Mahler’s second symphony, “Resurrection” is one of the most epic and moving pieces ever written for orchestra. It is an hour and a half long, is very complex and difficult to play, and requires a huge orchestra and choir. The UBC Symphony Orchestra and Choirs played it, twice, this past Friday and Saturday and I was lucky enough to be seated on stage playing the second harp part.
It is difficult for me to articulate how wonderful it was to be able to play Mahler 2; the music is so beautiful and interesting and the harps can actually be heard and when the choir sang, I got shivers, every time.
It’s not a piece that is performed often, even by professional orchestras, so the fact that we did it here at UBC is not only a milestone for the school, but a privilege that I have been able to play it as part of my university career.
Saturday night was a little bit emotional for me; for all I know, it could be the last time I play in an orchestra; it will probably be the last time I play with my friend Vivian, who has been my harpist friend since first year when we both entered the program; and what a symphony to be the last I would play at UBC! What a symphony to accompany my graduation.
I am sentimental now that I am leaving UBC, and although there is a little sadness, I am once again filled with the awe that I felt when I first toured UBC and first began taking classes. I actually went here. It was mine. It still is, for a little longer. I am a student at one of the best universities in the world. I have been awarded amazing opportunities such as travelling to Belgium and playing Mahler. I have also formed meaningful and lasting relationships with my professors and peers that I am sure will last going forward. I have also grown tremendously, academically, musically, and personally.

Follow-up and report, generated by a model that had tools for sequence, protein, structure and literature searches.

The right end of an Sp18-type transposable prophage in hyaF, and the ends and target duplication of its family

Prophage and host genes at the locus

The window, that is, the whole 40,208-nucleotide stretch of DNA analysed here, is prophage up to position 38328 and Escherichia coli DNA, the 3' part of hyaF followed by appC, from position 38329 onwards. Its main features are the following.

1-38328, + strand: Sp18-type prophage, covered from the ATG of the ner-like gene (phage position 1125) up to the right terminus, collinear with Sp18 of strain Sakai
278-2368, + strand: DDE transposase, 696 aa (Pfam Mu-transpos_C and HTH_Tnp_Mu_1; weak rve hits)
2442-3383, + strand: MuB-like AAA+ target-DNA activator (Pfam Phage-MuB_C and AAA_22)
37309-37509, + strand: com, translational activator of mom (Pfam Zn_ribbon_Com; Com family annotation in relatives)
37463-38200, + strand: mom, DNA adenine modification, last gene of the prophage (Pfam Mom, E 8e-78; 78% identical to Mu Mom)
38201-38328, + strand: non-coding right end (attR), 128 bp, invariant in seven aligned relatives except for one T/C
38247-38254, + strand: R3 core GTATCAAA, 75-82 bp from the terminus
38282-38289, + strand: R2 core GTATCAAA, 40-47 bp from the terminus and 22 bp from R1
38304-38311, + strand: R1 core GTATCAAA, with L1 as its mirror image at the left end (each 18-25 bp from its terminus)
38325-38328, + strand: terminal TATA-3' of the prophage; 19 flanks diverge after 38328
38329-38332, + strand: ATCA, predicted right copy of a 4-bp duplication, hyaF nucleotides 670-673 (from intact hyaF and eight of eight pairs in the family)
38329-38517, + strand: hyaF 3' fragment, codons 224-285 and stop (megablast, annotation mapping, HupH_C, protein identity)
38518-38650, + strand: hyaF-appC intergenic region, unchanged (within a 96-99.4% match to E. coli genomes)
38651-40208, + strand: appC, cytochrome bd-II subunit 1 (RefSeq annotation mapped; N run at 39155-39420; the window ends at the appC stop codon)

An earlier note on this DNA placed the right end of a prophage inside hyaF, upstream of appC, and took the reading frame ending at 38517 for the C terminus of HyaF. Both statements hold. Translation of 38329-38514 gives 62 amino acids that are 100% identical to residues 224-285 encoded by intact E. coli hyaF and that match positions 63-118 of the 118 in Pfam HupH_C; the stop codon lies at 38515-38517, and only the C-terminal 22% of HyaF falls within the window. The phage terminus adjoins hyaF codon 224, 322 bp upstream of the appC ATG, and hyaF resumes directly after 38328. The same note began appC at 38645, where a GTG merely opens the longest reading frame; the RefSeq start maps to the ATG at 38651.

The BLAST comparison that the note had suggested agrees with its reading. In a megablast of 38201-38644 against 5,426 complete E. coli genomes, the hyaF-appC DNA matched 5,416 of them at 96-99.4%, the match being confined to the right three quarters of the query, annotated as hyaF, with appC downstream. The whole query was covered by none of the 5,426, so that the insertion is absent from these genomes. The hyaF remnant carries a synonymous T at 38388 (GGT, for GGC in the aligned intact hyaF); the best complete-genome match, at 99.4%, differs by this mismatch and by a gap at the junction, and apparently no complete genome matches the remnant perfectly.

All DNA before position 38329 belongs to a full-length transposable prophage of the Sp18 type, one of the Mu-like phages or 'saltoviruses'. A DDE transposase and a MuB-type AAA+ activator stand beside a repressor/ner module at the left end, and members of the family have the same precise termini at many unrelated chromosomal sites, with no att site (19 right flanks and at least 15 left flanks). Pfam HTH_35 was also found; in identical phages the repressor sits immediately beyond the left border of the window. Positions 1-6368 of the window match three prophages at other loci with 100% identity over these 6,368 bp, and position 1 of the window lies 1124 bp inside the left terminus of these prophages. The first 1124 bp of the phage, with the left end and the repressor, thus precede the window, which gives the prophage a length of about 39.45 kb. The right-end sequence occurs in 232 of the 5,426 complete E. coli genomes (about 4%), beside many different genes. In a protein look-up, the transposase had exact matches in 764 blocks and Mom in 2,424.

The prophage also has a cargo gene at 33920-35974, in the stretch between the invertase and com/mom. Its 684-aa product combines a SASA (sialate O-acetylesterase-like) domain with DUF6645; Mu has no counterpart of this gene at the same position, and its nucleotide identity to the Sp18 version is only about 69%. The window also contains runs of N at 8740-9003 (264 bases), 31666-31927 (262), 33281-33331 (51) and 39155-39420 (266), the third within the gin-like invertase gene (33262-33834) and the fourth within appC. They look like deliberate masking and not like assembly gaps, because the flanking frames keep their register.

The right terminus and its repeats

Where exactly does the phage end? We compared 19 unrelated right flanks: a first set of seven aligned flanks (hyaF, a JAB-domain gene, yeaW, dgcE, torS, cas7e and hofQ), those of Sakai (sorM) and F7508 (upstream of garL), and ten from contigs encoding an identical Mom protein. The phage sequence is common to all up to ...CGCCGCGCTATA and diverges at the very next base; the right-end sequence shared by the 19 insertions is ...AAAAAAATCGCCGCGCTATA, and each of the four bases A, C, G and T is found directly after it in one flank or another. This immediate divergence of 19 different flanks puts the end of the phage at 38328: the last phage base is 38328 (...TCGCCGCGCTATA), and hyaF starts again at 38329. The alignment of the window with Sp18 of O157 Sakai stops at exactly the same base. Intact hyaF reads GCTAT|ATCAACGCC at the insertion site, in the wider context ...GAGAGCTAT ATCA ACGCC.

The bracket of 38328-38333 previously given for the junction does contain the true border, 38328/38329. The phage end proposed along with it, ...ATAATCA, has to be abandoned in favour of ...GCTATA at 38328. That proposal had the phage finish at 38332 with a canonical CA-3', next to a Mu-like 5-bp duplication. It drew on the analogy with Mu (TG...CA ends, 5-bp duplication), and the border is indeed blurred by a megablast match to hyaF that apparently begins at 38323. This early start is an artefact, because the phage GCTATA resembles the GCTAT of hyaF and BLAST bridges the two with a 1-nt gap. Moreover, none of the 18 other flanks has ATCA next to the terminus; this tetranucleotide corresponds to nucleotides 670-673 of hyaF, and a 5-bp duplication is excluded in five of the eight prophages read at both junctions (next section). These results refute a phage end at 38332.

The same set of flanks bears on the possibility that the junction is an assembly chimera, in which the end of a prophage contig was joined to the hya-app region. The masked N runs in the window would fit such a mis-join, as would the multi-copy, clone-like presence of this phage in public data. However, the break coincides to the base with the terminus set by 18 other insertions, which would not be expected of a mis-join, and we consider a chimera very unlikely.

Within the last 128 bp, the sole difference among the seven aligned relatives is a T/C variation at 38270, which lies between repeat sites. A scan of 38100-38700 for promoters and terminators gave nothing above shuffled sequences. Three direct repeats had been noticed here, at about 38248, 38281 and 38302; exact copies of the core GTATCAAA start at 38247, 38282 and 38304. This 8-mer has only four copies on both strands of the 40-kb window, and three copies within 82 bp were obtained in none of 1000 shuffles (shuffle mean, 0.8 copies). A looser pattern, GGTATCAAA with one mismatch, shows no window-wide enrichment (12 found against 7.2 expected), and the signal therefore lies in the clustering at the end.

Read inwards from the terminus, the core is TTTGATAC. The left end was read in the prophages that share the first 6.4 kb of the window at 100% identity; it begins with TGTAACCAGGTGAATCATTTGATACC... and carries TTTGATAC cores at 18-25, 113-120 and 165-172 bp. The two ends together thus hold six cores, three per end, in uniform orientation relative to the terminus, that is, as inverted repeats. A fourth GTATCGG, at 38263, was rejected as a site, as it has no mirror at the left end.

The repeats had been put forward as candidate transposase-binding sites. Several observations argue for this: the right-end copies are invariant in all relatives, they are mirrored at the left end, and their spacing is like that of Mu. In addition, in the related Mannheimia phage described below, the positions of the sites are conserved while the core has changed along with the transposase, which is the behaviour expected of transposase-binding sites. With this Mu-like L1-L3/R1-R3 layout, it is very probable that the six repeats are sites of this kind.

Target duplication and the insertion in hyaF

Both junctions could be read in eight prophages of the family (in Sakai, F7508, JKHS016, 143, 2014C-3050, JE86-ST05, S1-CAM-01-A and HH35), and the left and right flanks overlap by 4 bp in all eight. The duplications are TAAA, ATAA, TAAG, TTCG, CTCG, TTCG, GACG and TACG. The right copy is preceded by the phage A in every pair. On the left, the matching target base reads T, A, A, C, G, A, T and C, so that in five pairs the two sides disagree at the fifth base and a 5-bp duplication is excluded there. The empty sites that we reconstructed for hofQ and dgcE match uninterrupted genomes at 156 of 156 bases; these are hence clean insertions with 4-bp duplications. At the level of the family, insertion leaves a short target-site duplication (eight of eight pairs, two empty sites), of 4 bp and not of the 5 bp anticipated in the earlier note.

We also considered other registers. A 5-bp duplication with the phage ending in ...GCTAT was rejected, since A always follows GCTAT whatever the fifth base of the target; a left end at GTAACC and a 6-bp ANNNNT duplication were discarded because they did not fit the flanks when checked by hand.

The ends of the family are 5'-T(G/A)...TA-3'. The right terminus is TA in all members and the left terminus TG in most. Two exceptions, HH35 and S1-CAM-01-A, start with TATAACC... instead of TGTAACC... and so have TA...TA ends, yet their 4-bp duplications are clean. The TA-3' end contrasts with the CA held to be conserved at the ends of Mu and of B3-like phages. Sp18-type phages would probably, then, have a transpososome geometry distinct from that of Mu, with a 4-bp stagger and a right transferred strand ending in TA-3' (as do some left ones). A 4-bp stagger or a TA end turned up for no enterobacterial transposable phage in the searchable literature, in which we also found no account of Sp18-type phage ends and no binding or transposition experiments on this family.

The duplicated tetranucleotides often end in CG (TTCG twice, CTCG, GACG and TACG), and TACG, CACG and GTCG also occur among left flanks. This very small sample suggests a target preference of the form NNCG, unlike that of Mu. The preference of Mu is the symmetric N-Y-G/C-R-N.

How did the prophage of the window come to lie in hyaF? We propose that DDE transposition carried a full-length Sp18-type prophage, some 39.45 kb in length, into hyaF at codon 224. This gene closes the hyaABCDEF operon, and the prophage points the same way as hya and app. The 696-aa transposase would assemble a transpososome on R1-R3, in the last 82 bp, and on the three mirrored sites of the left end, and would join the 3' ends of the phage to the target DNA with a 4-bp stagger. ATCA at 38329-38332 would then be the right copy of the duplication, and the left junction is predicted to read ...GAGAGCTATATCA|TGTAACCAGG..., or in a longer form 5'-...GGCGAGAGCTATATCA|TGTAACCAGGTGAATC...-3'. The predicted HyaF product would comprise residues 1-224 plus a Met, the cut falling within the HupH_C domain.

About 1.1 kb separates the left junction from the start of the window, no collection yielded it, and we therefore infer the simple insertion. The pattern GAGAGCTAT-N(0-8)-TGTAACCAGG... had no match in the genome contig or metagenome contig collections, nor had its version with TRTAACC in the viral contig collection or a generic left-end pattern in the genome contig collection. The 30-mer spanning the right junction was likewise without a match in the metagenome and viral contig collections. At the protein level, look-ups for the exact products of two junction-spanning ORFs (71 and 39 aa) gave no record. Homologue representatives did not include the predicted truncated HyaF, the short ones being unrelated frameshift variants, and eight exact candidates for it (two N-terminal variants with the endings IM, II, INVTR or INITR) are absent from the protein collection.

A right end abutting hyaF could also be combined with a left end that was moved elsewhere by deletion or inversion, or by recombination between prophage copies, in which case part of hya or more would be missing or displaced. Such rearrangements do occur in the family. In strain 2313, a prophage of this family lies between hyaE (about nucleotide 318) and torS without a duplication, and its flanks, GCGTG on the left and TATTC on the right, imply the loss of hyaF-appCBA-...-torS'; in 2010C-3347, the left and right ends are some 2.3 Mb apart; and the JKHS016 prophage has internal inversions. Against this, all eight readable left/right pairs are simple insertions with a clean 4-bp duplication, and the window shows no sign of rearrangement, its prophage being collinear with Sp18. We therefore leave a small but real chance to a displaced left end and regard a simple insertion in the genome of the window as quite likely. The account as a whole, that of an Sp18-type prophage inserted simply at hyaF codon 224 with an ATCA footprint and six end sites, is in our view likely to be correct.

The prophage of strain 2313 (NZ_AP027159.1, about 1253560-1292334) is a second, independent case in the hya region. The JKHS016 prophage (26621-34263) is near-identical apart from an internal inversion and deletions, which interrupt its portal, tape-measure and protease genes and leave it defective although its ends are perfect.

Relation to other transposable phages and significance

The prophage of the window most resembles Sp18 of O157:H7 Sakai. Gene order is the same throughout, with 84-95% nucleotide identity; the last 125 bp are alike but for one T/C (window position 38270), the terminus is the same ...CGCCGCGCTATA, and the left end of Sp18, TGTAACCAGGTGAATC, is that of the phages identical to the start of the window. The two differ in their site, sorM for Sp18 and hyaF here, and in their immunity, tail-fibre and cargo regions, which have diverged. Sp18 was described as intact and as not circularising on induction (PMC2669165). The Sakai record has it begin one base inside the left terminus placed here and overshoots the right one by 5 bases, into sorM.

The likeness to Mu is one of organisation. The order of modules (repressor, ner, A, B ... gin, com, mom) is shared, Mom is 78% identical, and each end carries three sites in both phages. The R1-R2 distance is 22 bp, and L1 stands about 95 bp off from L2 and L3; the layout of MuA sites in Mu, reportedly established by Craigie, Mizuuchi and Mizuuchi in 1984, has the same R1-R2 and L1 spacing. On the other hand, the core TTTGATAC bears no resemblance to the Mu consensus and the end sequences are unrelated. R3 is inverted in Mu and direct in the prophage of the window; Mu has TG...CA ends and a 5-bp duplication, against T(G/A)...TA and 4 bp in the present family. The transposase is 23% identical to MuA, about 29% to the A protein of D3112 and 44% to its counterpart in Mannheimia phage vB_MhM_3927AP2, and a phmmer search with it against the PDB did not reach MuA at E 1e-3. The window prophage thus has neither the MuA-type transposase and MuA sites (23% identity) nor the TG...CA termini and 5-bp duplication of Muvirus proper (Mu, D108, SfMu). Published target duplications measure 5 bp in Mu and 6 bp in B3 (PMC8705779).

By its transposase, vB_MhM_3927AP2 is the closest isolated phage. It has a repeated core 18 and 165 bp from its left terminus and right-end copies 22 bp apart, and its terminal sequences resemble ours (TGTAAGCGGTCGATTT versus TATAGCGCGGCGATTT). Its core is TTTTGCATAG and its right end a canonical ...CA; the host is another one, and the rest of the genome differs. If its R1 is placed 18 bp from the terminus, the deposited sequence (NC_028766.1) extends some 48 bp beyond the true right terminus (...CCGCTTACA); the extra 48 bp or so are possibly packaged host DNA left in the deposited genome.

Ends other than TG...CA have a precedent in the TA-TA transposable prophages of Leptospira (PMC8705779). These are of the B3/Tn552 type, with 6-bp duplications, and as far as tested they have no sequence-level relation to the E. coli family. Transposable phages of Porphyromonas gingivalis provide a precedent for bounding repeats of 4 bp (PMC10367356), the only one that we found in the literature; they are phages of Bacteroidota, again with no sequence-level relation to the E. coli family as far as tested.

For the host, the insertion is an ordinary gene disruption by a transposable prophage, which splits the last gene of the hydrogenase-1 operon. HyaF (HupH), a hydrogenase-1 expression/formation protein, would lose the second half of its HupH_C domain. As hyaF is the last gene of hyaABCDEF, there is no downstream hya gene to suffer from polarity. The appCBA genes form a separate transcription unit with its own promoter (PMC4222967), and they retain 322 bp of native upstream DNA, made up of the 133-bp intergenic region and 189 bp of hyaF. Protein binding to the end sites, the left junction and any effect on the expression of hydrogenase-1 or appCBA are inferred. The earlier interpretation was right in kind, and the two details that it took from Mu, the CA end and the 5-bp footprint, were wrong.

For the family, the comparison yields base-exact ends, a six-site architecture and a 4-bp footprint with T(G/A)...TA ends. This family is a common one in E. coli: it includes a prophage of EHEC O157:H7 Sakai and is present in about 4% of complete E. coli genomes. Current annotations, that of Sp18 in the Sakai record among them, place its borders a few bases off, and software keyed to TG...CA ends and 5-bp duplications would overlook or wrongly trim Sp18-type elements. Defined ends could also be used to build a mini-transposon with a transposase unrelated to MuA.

It is mine.
One Response to Mahler 2
I was at the concert, and even convinced some friends to come too… while I confess to my attention becoming somewhat hazy during the middle, the climax was absolutely magnificent – I recall feeling like I was imagining things when the organ came on at long last. Not to mention that the harp playing was ethereal…I agree that it was great on Mahler’s part to give them notable parts; and most gossamer parts they were!
I may still be at UBC for the forseeable future – but graduation is nonetheless on the march, inching towards me day by day. Is it possible to be simultaneously sentimental, yet anxious for a time yet to come?